Stretch marks are simply marks that occur as the skin stretches on the body, but they can really affect our body image. Whether it's because of excess weight gain, adolescence or pregnancy skin, the result is the same.

Stretch marks vary in colour from pink to deep brown, and then lighten on the skin and turn silvery as they fade. And they will fade, in time. So don't let them become a big beauty hang up.

They can occur anywhere on the body — but are usually found on those old favourite tricky areas: the skin on the stomach, breasts, buttocks, thighs and hips. But follow these tips, and you'll be looking great on the beach, or any other time you want to bare some skin.

Part 1


Living with stretch marks

The first choice for so many of us is to ignore our stretch marks and learn to live with them. In time they will fade on the skin, and as we lose those excess kilos from our bodies the great feelings that result make a few marks seem insignificant.


Hiding stretch marks

We can also choose to work around stretch marks and cover them up, either with our clothes or by applying a fake tan to the skin, which helps minimise their appearance and helps you look better naked. Just make sure you do a good job with your tan, or even go to a salon, as a fluorescent orange glow is going to make your body look ten times worse than any stretch mark ever could.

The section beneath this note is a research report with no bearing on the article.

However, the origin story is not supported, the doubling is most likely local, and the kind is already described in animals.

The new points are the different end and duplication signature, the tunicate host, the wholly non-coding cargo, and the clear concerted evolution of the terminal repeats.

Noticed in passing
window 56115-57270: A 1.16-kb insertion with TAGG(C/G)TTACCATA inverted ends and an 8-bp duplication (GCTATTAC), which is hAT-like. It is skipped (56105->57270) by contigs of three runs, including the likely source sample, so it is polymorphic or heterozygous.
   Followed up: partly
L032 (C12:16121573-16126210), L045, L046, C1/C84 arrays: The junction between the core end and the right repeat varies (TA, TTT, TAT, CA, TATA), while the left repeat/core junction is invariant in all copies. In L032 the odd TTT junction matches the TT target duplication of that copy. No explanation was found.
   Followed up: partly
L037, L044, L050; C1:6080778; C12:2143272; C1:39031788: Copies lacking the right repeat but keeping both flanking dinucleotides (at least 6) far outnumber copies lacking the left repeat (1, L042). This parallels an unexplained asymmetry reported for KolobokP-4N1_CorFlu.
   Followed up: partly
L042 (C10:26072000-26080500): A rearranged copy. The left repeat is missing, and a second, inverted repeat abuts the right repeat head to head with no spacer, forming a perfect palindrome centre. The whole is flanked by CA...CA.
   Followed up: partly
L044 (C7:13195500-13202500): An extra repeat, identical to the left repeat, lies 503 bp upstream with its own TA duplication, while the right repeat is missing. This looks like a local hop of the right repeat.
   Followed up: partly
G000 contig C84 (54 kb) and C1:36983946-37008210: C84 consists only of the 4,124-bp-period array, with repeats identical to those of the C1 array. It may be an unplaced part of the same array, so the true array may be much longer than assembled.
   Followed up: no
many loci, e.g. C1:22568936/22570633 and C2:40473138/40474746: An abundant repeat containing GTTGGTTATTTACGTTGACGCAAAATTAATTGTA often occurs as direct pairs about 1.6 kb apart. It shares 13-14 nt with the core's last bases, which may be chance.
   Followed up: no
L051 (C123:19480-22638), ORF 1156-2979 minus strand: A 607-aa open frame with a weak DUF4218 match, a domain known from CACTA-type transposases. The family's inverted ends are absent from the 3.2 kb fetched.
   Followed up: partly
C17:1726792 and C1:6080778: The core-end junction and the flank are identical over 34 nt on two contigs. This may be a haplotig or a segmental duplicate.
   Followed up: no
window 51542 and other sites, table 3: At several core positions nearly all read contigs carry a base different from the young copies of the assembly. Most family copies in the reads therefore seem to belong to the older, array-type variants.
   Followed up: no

Reducing stretch marks

Dermatologists and plastic surgeons are seeing success with a new laser technique, called Fraxel, which stimulates collagen production in the skin and can significantly reduce the appearance of stretch marks in anywhere from one to six treatments. Sounds great, but treatments can be on the pricey side, so the best approach is to do a bit of research first.

Type "stretch marks" into any search engine like Google and you will find countless ads for collagen-based creams. Rubbing these into the skin is said to help make it more supple and retain its elastic qualities. But, any cream or lotion that keeps the skin supple will be helpful — from an expensive designer lotion to a tub of cocoa-butter. The magic is in the regular moisturising and massage.

Of course, exercise helps tone up the skin beneath. Marks look much worse on flabby, untoned skin than they do on toned and tight flesh.


Preventing future stretch marks

Taking care to keep your weight steady and avoid a kilo creep will prevent the skin from stretching; regular body massage with a rich lotion will keep it supple and moist.

As with many things, stretch marks are easier to prevent than cure. And the healthy steps you take to prevent them should feel great in and of themselves.


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